Released2014 10 06
AbstractAxel Heiberg Island (northern Nunavut) contains the thickest Mesozoic section in Sverdrup Basin. The approximately 370 km long island is second only to Iran in its concentration of exposed diapirs. Forty-six diapirs of Carboniferous evaporites and associated minibasins are impressively exposed on the island. Regional anticlines, which formed during the Paleogene Eurekan Orogeny, trend roughly north on a regular approximately 20 km wavelength and probably detach on the autochthonous Carboniferous Otto Fiord Formation evaporites. These evaporites comprise halite overlain by thick anhydrite containing thin limestone beds. Unlike the rest of the island, a 60 km wide area, known as the wall-and-basin region, has bimodal fold trends and irregular (<10 km) fold wavelengths. Here, crooked, narrow walls of superficially gypsified anhydrite crop out in tight anticline cores, which are separated by wider synclinal minibasins. We interpret the wall-andbasin region to detach on a shallow, partly exposed canopy of coalesced allochthonous evaporite sheets. This inference is based on four lines of evidence: 1) a halving of fold wavelength relative to folds outside the wall-and-basin region, 2) the exposure of anomalously young strata of Paleogene and Late Cretaceous age, 3) the occurrence of clustered equant minibasins having similarities to those in the northern Gulf of Mexico, and 4) a strikingly uniform level of piercement pointing to a stratiform allochthonous source layer. A canopy would require an evaporite depocentre, which may have ponded in a sinistral pull-apart basin of Carboniferous age. Strata record a salt-tectonic history spanning the Late Triassic (Norian) epoch to the Paleogene period. Stratigraphic thinning against diapirs and angular unconformities up to 90° indicate mild regional shortening in which diapiric roof strata were bulged up and flanking strata steepened. This bulging culminated during Hauterivian times, when diapiric evaporites broke out and coalesced at the surface to form a canopy. As the canopy was buried, it yielded second-generation diapirs, which rose between minibasins subsiding into the canopy. A consistent high emplacement level indicates that all exposed diapirs inside the wall-and-basin region rose from the canopy. In contrast, diapirs along the wall-and-basin margins were sourced in autochthonous salt as first-generation diapirs. Apart from the large diapir-centred unconformities, Jurassic-Cretaceous depositional evidence of salt tectonics also includes submarine debris flows and boulder conglomerates shed from at least three emergent diapirs. The report area's geological history includes six main tectonostratigraphic phases in the wider Arctic area, beginning with Carboniferous rifting and ending with the Paleogene Eurekan Orogeny. Extreme local relief, tectonic slide blocks, steep talus fans, and subaerial debris flows suggest that many wall-and-basin diapirs continue to rise today. Freeboard calculations suggest that the rise of diapirs having surface relief of even 400 m could be driven purely by gravitational loading, but additional mild tectonic shortening cannot be ruled out. The Axel Heiberg canopy is one of only three known exposed evaporite canopies, each revealed at a different structural level: above the canopy (Axel Heiberg), through the canopy (Great Kavir, Iran), and possibly beneath a canopy (Sivas Basin, Turkey).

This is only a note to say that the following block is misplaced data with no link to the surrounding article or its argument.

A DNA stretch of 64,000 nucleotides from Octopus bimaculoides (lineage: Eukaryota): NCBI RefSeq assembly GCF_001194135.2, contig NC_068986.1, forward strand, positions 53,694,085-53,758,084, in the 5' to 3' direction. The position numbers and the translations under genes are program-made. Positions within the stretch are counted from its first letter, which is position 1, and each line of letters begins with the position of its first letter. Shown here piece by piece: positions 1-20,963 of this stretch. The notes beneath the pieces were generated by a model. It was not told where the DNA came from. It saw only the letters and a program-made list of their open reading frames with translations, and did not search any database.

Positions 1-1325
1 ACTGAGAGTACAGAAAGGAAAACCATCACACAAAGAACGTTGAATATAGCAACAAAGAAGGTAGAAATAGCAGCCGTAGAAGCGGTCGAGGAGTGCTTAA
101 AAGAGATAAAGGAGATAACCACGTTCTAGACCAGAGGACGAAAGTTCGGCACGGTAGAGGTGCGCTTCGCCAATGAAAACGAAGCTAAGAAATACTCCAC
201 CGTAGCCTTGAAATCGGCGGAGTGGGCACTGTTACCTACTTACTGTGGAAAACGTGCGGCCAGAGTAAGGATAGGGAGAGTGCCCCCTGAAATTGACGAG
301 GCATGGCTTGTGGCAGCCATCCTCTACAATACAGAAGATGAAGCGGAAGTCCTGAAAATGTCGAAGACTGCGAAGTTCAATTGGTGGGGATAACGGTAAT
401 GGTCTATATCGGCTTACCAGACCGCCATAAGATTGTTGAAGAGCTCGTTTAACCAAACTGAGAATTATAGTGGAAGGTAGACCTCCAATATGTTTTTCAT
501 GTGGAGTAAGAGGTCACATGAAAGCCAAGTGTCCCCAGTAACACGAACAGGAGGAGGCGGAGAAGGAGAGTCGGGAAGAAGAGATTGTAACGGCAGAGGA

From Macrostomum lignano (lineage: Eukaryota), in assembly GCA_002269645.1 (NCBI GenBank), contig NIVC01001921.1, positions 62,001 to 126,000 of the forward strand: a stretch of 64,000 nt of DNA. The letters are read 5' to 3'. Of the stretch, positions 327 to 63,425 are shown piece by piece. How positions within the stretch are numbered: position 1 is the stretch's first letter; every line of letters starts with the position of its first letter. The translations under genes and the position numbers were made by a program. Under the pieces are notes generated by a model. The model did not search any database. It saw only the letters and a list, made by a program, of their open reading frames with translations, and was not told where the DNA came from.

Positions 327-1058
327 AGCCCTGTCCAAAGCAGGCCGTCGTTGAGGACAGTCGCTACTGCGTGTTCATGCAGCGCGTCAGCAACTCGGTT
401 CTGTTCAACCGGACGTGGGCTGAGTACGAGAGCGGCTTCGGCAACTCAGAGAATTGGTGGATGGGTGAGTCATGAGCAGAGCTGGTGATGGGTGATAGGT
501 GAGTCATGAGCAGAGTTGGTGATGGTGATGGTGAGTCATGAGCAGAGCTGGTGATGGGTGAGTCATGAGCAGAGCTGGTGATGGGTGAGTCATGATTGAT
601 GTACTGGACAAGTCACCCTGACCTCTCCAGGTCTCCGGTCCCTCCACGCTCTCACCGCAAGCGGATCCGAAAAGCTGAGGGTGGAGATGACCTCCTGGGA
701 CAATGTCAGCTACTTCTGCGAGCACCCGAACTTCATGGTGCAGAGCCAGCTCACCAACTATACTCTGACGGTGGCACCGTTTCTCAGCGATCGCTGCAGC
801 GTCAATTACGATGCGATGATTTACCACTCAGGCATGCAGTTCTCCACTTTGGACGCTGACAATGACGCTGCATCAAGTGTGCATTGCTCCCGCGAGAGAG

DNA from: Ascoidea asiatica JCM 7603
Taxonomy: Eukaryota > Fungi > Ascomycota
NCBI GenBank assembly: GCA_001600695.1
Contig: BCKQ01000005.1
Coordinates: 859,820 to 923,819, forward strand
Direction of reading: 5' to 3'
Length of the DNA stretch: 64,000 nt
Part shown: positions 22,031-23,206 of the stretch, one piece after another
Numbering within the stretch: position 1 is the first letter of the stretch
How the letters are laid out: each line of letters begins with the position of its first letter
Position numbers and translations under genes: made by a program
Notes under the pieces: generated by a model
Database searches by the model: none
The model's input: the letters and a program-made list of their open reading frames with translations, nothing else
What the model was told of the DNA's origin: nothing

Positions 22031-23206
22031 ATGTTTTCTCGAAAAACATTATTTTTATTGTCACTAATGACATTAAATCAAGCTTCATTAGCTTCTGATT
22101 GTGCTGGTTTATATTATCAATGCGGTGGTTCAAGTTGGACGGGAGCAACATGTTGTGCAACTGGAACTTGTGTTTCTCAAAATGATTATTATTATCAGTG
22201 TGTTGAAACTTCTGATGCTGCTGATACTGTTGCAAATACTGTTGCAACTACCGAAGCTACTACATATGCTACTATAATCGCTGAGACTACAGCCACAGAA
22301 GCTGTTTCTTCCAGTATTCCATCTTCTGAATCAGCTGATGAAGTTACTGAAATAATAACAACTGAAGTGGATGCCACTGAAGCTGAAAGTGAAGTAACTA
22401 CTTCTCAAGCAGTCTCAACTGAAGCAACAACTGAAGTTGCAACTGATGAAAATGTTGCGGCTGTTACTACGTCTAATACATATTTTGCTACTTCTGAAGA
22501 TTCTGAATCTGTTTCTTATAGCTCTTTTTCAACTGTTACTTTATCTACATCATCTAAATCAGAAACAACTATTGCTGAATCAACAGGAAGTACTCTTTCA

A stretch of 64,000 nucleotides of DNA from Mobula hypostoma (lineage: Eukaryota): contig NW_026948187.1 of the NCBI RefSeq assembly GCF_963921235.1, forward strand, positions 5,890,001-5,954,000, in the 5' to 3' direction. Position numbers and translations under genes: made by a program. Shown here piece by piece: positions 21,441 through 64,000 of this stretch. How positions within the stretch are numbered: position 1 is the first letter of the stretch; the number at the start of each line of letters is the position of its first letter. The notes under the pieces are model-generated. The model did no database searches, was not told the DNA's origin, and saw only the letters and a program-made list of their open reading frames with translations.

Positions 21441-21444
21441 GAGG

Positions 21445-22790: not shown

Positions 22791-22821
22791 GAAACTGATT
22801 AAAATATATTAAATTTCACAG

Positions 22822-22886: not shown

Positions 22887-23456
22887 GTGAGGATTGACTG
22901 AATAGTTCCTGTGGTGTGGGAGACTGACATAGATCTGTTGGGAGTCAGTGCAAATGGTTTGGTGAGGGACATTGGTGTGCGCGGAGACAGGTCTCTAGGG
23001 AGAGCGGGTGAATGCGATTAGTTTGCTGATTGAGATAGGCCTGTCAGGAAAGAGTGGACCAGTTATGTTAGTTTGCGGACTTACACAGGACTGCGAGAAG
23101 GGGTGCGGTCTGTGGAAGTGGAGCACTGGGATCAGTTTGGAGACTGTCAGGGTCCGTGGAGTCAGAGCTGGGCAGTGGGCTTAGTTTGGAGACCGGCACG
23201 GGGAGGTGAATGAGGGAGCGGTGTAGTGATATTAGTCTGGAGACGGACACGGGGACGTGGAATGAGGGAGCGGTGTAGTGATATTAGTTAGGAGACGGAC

Summary(Plain Language Summary, not published)
The Sverdrup Basin in the Canadian Arctic Islands is a well known repository for natural gas and some oil. Closely associated with the known hydrocarbons are bodies of rock salt that have moved up into younger rocks as the basin was filled with sediment. The present paper describes the unusual salt structures of western Axel Heiberg Island and the sediments within which the salt is found. The case is made for sheets of salt emplaced into Cretaceous strata and the possibility that these structures may contain as yet undiscovered oil and gas.